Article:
Re: view update in logic and relational databases
Date: Sun, 23 Aug 2009 20:02:05 GMT
Sampo Syreeni wrote:
> Like most people around here, I periodically return to the view update
> problem. I also subscribe to the idea that relational databases are
> fundamentally about predicate logic, and that a proper interpretation
> of the update problem probably has to be explained in logic terms. So
> I'd like to offer one purely logical solution to the problem.
> As an example, let's take insertion into a view C defined as A union
> B. In predicate logic the view denotes p(A) or p(B), and given the
> precise extensions of p(A) and p(B) we can calculate C. If I was to
> insert a novel tuple into C, that would then amount to asserting a
> disjunction. That does not tell us what the proper extension in terms
> of A and B should be: inserting into one, or the other, or both of the
> relations. So we run into the view update problem.
> I believe that is a simple result of keeping to relational databases
> where the set of underlying predicates that comprise the extension of
> the database is fixed at schema design time. If we're forced to
> fundamentally express all data in terms of the extensions of the base
> relations, we're naturally left with a number of update problems once
> we operate directly against logical consequents of those base
> relations. That means that while relational databases are *based* on
> predicate logic, their data model does not *fully* capture the logic
> (only the query language does), which is the basic reason why view
> update is intractable.
> Instead in pure predicate logic, and by extension a fully logic
> database, all finite logical expressions are held to be equal and can
> be both asserted and negated independently. We can assert (p(A) or p
> (B)) quite without asserting either of p(A) or p(B) in addition, as
> long as all state inconsistent with the new assertion is purged (i.e.
> integrity constraints/the excluded middle are upheld). The update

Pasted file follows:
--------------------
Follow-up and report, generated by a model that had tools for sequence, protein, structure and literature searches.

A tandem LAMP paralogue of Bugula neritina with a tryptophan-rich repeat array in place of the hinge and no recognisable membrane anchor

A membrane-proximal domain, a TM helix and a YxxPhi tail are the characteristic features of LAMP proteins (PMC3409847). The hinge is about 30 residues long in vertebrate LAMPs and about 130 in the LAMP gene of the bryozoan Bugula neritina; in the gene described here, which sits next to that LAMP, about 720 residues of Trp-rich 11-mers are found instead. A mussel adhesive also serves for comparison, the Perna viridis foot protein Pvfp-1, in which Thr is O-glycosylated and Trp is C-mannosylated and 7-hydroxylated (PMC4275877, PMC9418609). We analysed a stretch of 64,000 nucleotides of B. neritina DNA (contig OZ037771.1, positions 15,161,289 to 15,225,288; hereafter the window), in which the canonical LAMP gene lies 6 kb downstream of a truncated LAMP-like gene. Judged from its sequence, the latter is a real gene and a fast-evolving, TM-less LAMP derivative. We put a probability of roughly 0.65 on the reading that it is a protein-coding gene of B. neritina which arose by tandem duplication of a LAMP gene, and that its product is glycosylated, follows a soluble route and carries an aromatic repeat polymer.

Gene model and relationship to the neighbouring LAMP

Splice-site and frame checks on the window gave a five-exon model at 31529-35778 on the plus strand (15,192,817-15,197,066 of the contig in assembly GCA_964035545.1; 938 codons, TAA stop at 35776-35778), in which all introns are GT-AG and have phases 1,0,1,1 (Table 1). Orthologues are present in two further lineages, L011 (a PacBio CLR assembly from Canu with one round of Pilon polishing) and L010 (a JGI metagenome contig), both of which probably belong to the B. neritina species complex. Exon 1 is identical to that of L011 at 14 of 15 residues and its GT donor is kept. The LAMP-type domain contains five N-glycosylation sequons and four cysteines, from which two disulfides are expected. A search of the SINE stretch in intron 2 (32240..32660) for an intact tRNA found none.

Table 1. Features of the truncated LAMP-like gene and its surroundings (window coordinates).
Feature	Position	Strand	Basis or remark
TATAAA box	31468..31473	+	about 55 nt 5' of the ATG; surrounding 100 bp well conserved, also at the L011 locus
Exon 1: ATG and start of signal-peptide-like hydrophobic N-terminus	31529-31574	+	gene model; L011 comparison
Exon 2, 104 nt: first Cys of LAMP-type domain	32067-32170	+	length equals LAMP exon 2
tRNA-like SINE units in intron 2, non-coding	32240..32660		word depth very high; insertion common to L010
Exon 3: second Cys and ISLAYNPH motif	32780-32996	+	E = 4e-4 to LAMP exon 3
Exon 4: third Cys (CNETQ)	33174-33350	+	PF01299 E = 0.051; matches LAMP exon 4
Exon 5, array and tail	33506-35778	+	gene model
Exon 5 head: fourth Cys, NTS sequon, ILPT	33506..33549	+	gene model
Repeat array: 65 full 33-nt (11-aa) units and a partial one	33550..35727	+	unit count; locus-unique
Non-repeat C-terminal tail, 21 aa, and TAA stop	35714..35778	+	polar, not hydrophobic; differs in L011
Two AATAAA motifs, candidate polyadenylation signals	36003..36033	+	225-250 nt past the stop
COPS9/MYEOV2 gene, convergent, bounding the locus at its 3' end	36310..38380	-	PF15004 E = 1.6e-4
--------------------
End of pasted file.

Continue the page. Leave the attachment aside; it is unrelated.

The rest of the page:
> problem vanishes.
> Of course, that sort of approach only works in the context of the open
> world assumption, and consequently makes our logic constructive (i.e.
> not everything that could be true can be shown to be such). And it's
> bound to get rather complicated/computationally heavy: there is no
> inherent reason why you shouldn't be able to assert or negate
> arbitrary formulae and expect the database to cope (which is
> equivalent to updating an arbitrary view defined at query time).
> But hey, if you're e.g. trying to assert a disjunction or negate a
> conjunction, you're already trying to work according to rules that go
> against the closed world assumption, in the context of which you're
> expected to know precisely what the state of your base relations will
That's a nice description of the conventional obstacle. Relational logic requires that we must be able to record extensions, not just intensions and unnamed propositions. I'd say the main aspect of the RM that 'goes against' the unaderalted application of predicate logic is that many disjunctions can't even be expressed by a single relation, view nor base. This shows up every time one inserts to a base relation variable. Yet we use disjunction all the time to form such 'base' conjunctions. Seems a little perverse for implementations to allow all those 'base' inserts and not ones to a union view. When operations are restricted to an operand form wihich is a single relation that expresses only conjunctions, we can't have our cake and eat it too. The alternative is that disjunction means one thing when a base is involved and something else when a view is involved, effectively adding another fundamental operator..
I think a more important question is whether a 'relational logic' that deals with views as well as it deals with base variables is somehow inconsistent or leads to contradictory conclusions. Such a logic might not be comparable with traditional logic, but I'd say consistency is the more important quality for interpretation and optimization. I think it is most important to ask what a particular choice of logic buys us and what it doesn't, even if that might lead to a distortion of predicate logic. What it buys us is probably subjective, personally I'd rather have logical independence (I'm not sure if that simply means the limited 'interchangeability' that CJ Date has mentioned).. Received on Sun Aug 23 2009 - 22:02:05 CEST